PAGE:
Feeling Hot Hot Hot in Chicago

That platinum blond hair.  Those red-lacquered toenails and bright lipstick.  A white halter dress… and matching panties.

Yep, that’s Marilyn Monroe looming over passersby in Chicago’s Pioneer Court.  The 26’ tall statue by artist Seward Johnson was revealed  last week as the sweltering day gave way to a more comfortable summer evening.  It received both criticism and acclaim.  Is it sexy or sexist?  Public art or a tourist ploy?  And why Chicago?

Photo by: Joshua Melin

“Forever Marilyn” captures the iconic moment in Billy Wilder’s 1955 The Seven Year Itch in which Monroe stands over a New York subway grate, enjoying the breeze created by passing trains below.

While the scene was actually filmed on a soundstage in Hollywood, movie stills were taken at Lexington and 52nd Street creating a great deal of publicity.  Stories about Marilyn had dominated the news for days.

When she arrived in town to begin filming, one paper ran the headline, “Marilyn Wiggles In.”

Another announced, “There won’t be any admission charge when Marilyn appears for the shooting of street sequences for her new film… Miss Monroe’s costume is expected to be more revealing than the one she wore yesterday to stop traffic.”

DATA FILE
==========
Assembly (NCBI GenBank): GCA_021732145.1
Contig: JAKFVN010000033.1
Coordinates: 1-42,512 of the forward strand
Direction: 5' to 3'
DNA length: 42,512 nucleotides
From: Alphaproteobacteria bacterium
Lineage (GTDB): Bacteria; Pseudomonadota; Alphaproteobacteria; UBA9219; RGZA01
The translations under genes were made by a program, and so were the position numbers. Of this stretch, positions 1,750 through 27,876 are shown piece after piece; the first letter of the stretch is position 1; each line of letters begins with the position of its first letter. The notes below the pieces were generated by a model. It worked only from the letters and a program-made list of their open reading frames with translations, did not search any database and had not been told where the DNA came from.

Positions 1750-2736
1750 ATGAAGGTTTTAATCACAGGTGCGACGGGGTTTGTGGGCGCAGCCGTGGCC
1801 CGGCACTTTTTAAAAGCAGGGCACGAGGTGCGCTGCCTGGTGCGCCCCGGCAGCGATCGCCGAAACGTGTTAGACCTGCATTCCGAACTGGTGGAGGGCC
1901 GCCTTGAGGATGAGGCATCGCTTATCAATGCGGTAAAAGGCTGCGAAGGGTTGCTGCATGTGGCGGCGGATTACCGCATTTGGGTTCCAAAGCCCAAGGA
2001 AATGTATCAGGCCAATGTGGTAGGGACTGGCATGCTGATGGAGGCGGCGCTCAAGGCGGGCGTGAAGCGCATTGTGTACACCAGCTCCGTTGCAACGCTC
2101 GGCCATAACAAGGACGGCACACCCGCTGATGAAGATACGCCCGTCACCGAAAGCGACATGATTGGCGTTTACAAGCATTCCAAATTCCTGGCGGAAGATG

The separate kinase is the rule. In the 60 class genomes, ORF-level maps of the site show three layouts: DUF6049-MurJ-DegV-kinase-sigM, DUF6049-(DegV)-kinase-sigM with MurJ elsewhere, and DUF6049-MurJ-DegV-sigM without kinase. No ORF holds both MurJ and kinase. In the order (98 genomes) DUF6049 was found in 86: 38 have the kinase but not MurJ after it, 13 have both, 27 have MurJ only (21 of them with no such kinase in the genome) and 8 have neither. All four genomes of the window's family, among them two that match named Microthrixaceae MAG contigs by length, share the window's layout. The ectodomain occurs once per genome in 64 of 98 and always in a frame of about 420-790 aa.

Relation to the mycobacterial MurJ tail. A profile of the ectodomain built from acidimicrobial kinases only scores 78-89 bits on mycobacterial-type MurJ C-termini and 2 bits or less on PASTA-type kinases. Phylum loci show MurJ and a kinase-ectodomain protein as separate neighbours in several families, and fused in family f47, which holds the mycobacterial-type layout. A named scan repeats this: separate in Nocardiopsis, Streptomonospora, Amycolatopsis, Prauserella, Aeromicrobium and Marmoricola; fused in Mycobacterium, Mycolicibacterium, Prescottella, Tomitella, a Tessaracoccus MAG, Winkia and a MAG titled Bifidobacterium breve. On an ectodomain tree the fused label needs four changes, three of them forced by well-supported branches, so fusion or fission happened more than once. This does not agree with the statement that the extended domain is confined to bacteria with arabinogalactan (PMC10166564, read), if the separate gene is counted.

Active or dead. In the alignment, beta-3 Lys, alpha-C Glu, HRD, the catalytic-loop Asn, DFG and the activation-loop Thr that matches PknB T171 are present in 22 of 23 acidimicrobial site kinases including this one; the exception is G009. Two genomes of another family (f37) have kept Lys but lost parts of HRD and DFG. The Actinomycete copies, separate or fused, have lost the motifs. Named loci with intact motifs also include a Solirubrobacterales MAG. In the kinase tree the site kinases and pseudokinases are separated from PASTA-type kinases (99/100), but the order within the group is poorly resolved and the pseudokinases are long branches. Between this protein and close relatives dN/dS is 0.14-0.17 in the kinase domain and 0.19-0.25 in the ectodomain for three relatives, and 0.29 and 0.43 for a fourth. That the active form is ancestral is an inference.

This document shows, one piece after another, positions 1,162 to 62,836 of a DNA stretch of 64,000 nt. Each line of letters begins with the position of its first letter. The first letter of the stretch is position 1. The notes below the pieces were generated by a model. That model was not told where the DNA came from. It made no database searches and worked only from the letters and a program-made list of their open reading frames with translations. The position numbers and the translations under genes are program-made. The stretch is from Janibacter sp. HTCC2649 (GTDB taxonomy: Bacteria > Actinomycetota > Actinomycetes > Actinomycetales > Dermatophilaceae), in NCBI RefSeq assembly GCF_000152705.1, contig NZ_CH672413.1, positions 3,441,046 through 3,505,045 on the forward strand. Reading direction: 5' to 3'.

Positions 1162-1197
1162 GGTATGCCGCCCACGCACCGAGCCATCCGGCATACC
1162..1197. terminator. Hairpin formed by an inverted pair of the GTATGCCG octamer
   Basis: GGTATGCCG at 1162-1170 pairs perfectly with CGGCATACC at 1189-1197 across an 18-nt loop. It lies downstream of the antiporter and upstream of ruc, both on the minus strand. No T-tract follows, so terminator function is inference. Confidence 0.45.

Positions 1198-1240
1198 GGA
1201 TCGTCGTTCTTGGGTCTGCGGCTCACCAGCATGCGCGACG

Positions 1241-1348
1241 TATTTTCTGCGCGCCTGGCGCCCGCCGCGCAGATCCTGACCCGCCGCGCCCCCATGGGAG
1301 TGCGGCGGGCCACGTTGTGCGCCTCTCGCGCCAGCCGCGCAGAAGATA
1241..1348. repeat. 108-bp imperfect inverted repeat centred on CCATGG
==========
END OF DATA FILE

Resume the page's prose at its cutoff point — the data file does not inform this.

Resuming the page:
Not surprisingly, fifteen hundred fans showed up, including her husband, Joe DiMaggio.  He had followed her from Los Angeles to the Big Apple, concerned about her welfare, as well as being disturbed by the commotion she was causing.  He was the jealous type.

Dropping by Toots Shor’s, a hangout for celebrities of the day, he met up with columnist Walter Winchell who induced him to check out the scene.  And what a scene!

The crowd was whooping and hollering, cheering and shouting.  “More, more, Marilyn,” they chanted. “We want to see more.”  With the aid of a wind-blowing machine, her skirt whipped around and flew up and down, exposing not only her bare legs but also her dark pubic hair through two pairs of panties.  The spectacle continued for  five long hours.

The media hype disgusted DiMaggio, as did his belief in his wife’s willing participation in the promotion.  “I’ve had it,” he shouted and left.  There were reports that he knocked her around later that night.

Two months later Monroe filed for divorce.  The marriage of the movie star and the Yankee Clipper had lasted less than ten months.  The lustful leering goes on forever.

© 2011 Susan Marg – All Rights Reserved

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